1. I will not in any case kick the ball.

  2. I will in any case not kick the ball.

  3. I in any case will not kick the ball.

  4. I will not kick in any case the ball.

I think only the fourth one is wrong, and all of the others seem fine to me. Please tell me if there are any wrong ones (and why), because after looking at them for so long, I just lost my sense of English. Also, please tell me if some of them have to be used with commas like below:

I, in any case, will not kick the ball.

  • 1
    4 is definitely wrong. You might need commas for 1 and/or 3. I have a bad habit of overusing them. – Jason Patterson Aug 24 '15 at 23:18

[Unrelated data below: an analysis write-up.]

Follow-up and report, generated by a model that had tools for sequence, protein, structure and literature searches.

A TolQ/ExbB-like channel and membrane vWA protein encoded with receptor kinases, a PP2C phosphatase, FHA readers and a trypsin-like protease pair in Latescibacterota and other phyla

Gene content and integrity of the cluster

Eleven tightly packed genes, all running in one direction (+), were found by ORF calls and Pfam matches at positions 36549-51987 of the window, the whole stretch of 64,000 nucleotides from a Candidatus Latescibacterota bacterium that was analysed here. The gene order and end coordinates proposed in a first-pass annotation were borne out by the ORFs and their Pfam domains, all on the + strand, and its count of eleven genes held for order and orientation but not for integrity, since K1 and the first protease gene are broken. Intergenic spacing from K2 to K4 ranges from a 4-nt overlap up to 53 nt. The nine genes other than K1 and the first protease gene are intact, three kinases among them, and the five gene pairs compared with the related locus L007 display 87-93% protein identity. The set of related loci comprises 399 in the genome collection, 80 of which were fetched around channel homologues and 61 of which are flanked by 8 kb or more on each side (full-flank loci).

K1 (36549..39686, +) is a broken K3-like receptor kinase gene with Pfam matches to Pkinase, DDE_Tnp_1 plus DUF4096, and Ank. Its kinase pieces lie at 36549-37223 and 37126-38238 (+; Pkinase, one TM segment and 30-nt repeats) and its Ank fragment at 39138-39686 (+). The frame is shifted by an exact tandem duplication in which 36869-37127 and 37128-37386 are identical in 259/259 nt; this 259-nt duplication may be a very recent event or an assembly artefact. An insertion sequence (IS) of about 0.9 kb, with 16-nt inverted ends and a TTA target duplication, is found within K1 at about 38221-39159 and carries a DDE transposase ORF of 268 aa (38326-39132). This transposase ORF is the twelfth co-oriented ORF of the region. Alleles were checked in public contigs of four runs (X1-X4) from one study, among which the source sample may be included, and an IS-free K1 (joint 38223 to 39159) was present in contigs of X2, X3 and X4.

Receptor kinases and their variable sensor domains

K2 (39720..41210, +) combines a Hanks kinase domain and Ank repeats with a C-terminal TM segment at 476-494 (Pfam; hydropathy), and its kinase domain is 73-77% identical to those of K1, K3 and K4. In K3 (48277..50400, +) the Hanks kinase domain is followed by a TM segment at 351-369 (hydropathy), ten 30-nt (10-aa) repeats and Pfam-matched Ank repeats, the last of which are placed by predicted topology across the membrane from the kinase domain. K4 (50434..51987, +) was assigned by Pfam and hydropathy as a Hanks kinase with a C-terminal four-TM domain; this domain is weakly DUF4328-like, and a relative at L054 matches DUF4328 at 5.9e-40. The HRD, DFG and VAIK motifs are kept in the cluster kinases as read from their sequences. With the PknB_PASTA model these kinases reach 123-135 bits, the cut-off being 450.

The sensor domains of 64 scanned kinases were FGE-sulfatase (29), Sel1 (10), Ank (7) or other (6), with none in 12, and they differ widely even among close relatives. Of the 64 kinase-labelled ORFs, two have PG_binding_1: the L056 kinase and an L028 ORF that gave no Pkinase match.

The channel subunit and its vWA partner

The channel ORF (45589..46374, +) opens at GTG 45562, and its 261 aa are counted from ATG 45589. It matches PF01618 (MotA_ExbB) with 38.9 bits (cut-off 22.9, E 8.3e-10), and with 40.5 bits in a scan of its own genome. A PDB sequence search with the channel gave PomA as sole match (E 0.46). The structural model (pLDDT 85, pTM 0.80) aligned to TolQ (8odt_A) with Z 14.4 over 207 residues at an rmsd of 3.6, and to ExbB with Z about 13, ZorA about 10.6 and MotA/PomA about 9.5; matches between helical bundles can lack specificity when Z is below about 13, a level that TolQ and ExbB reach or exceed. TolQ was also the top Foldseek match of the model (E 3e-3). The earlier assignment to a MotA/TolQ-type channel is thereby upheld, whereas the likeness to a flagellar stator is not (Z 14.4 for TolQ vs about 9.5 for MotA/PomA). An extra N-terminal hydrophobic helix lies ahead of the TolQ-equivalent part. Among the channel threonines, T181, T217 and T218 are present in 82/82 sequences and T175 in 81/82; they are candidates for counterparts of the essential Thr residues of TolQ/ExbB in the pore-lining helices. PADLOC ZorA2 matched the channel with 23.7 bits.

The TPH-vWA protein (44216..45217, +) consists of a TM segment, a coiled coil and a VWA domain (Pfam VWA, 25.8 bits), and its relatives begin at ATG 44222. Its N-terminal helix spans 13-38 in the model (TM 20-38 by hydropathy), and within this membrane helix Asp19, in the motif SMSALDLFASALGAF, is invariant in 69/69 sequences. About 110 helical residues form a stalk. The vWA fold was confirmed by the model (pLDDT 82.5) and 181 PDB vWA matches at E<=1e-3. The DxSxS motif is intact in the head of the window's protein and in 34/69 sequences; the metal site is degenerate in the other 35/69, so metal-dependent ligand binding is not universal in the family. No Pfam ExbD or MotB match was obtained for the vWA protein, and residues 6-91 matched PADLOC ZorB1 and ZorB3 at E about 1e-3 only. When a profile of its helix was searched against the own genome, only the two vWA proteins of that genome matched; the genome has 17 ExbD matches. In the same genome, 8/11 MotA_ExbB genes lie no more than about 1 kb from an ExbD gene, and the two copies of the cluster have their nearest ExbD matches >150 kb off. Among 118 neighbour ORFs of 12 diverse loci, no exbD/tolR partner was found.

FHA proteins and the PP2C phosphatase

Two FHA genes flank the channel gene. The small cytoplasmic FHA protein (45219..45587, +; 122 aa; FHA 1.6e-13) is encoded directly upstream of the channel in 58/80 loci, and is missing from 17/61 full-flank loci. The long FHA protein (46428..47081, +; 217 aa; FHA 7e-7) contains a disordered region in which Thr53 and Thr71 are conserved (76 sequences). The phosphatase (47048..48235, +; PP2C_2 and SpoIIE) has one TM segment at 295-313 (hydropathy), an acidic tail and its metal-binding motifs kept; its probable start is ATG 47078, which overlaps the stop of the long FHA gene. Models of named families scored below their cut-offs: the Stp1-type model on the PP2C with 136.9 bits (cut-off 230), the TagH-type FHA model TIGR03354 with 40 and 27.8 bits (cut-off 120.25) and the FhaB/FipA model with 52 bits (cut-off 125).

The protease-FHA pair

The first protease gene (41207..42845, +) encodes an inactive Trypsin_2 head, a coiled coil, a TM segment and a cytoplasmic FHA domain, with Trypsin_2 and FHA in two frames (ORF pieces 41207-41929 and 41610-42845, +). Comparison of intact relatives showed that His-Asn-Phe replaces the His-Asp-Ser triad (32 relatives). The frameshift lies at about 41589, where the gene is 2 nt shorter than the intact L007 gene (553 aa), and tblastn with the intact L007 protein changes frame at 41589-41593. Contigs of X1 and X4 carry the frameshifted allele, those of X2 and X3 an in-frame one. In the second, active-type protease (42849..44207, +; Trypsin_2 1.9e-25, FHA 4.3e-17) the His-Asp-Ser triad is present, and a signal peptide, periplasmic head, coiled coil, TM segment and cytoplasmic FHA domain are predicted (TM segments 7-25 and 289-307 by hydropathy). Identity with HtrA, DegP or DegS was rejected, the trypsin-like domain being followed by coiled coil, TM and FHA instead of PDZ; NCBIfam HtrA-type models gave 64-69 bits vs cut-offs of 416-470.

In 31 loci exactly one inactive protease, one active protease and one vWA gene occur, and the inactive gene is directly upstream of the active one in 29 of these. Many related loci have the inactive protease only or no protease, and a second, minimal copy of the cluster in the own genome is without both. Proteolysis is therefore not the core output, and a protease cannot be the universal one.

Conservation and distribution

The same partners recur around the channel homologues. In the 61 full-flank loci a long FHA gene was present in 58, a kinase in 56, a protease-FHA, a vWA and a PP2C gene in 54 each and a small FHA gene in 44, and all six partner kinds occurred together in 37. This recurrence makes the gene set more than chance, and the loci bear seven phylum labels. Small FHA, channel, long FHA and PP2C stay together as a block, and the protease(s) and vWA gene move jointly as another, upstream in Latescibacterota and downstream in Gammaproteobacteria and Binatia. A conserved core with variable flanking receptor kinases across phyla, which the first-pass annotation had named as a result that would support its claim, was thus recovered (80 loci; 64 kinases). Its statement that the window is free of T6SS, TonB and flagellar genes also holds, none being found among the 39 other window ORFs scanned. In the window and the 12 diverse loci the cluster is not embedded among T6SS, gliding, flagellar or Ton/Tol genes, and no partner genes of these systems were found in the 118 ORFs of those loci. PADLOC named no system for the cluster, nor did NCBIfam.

• 1
    "I won't kick the ball, no matter what." or "I won't kick the ball, no matter what happens." or "In any case, I won't kick the ball." sound more natural to my (American) ear. The phrase "kick the ball" is informal, so the contraction "won't" has a consistent level of (in)formality. – Jasper Sep 24 '15 at 13:49

I would say that 1) and 3) are correct, though I think they work better with commas:

1) I will not, in any case, kick the ball.

3) I, in any case, will not kick the ball.

2) could be correct, though it sounds a bit "off" to me. I would stay away from 4) - it sounds rather jumbled and a bit over the place.

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